Why employ a person with a disability?
Studies have shown that people with disability often surpass their counterparts without disability in terms of loyalty and productivity in the workplace. Research cited by the Australian Network on Disability indicates that 90% of employees with disability record productivity rates equal or greater than other workers and 86% have average or superior attendance records.
Other surveys have found similar results. Industry research study conducted on behalf of Telstra Australia found that:
- over a 15 month period, people with disability had 11.8 days absent, compared to people without disability who had 19.24 days absent; and
- there were no significant differences when comparing people with disability to people without disability in the areas of performance, productivity and sales.
The previously mentioned Telstra study found that employees with a disability stayed with the company for an average of 4.1 years, compared to 3.2 years for employees without disability.
Research also indicates that:
- Over 90% of employers who had recently employed a person with disability said they would be happy to continue to employ people with disability;
- 78% of employers described the match between their employee with disability and the job as good.
How does a diverse workforce benefit my company’s image?
Being seen as an employer of choice impacts not only on improving access to talent, but on customer views of an organisation, something that is particularly important in an ageing market.
Research* indicates that when employers have a diversity complaint that goes public, their share price will drop within 24 hours, while when employers win a diversity award their share price will increase within 10 days.
Source: ‘Employer benefits and costs of employing a person with a disability’, Graffam et al, 2002.
Will having a diverse workforce cost more?
“75% of employers reported that the cost of employing someone with a disability was the same as that for people without a disability”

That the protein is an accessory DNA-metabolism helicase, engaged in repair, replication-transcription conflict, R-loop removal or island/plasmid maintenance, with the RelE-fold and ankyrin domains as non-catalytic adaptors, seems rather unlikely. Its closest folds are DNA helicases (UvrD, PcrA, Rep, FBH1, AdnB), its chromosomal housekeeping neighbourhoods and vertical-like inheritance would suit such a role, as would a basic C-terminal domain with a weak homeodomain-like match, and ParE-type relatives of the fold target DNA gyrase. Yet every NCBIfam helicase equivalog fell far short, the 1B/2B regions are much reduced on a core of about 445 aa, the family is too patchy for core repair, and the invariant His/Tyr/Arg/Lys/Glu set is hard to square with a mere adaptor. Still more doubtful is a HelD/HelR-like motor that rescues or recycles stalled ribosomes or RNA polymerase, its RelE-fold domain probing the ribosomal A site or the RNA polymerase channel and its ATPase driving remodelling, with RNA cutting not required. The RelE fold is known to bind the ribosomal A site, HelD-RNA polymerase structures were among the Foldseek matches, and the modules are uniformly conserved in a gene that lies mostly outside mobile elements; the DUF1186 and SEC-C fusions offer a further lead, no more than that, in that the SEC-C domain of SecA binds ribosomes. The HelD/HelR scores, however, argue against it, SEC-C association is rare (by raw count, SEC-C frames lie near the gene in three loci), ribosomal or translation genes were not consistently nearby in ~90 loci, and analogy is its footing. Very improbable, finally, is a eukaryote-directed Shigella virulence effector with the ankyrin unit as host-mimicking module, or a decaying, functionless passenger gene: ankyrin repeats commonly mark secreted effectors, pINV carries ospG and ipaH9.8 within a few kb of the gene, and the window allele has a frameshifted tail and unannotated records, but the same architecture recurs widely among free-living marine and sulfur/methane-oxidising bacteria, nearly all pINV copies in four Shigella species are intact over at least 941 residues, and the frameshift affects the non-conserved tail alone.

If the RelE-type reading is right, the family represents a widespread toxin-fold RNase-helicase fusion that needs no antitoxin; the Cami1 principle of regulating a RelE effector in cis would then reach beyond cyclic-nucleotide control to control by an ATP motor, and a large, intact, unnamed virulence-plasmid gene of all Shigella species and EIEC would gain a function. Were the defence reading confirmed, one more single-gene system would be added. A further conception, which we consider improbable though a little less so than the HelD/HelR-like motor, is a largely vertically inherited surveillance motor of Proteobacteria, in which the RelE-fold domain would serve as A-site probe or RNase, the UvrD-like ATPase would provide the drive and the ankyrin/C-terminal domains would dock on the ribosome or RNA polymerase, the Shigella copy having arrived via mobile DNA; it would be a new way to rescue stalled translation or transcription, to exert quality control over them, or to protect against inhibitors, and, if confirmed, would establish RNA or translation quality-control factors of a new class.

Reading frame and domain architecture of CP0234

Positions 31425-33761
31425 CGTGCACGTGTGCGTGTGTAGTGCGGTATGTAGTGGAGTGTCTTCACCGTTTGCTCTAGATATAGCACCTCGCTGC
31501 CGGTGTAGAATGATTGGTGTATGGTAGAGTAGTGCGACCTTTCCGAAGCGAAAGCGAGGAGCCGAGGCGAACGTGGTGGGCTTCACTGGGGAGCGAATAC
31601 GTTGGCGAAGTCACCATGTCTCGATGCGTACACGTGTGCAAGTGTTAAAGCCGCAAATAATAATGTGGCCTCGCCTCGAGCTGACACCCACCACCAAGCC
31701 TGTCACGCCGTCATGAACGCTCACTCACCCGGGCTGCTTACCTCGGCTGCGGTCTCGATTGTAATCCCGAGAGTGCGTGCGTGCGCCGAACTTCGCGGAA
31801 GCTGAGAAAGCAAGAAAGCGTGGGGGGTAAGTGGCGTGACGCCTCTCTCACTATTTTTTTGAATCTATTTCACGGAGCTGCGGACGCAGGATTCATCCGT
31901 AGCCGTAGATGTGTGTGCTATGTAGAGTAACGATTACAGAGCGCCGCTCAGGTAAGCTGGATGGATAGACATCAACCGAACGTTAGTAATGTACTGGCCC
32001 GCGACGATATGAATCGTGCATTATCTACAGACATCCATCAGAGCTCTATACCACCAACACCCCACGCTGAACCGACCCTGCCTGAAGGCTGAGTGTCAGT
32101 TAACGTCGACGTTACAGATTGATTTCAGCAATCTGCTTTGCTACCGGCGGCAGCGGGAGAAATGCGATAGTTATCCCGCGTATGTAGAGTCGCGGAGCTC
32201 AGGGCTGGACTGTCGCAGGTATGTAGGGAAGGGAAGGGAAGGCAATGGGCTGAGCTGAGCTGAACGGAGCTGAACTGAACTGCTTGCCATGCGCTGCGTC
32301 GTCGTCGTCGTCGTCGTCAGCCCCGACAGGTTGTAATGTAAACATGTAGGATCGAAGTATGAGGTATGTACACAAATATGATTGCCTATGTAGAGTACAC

“Over 70% of employers reported financial benefits of employing a person with a disability” Employees with a disability can be a facilitator for positive change and a catalyst for organisational performance and development.
Is there any financial assistance available, to assist with on the job training of an employee with a disability?
Employers can negotiate a wage subsidy with Disability Employment Services (DES) providers when employment is offered for job seekers under normal employee and employer arrangements, including the use of a relevant industrial agreement, an award, or other mechanism recognised by the Australian Government.
The employer must agree that the employment arrangement will continue for the period required by the relevant wage subsidy criteria.
Not all jobs attract a wage subsidy. It is up to the individual service provider to determine when a wage subsidy is required and the level of the wage subsidy depending on the job seeker’s and employer’s needs.
What if the person with a disability needs special equipment to do their job?
The Employee Assistance Fund (EAF) gives financial help to eligible people with disability and mental health condition and employers to buy work related modifications and services. The EAF is available to people with disability who are about to start a job or who are currently working, as well as people who need help to find and prepare for a job. It is also available to people with disability who are self-employed, and jobseekers who need Auslan assistance, or special work equipment to look for and prepare for a job.
The EAF could help to buy work related modifications and services like:
- the cost of making adjustments to your physical workplace
- modifications to work vehicles
- special equipment for the workplace
- information and communication devices
- Auslan interpreting
- specialist services for employees with specific learning disorders and mental health conditions
- disability awareness training for the workplace
- deafness awareness training for the workplace
- mental health first aid training.
How does Interact Australia work with businesses?
Interact Australia can offer you an end to end recruitment including
- Job analysis and job descriptions
- Advertising the job to our pool of candidates
- Screen, interview and shortlist suitable candidates
- Negotiation of wage subsidies
- Delivery of diversity training to existing workforce
- Provide advice on workplace modifications to support your new employee in the work environment.
- On the job support for your new employer, and their team.
- Discuss best practice for induction programs, buddying, mentoring, flexible work environments and training for all employees.
I have an employee with a disability who needs some support in the workplace, can Interact Australia help?
Your employee is likely to be eligible for our Work Assist program if they:
- Have a verified medical condition or disability
- Have been employed with you for at least 3 months
- Are able to work at least 8 hours per week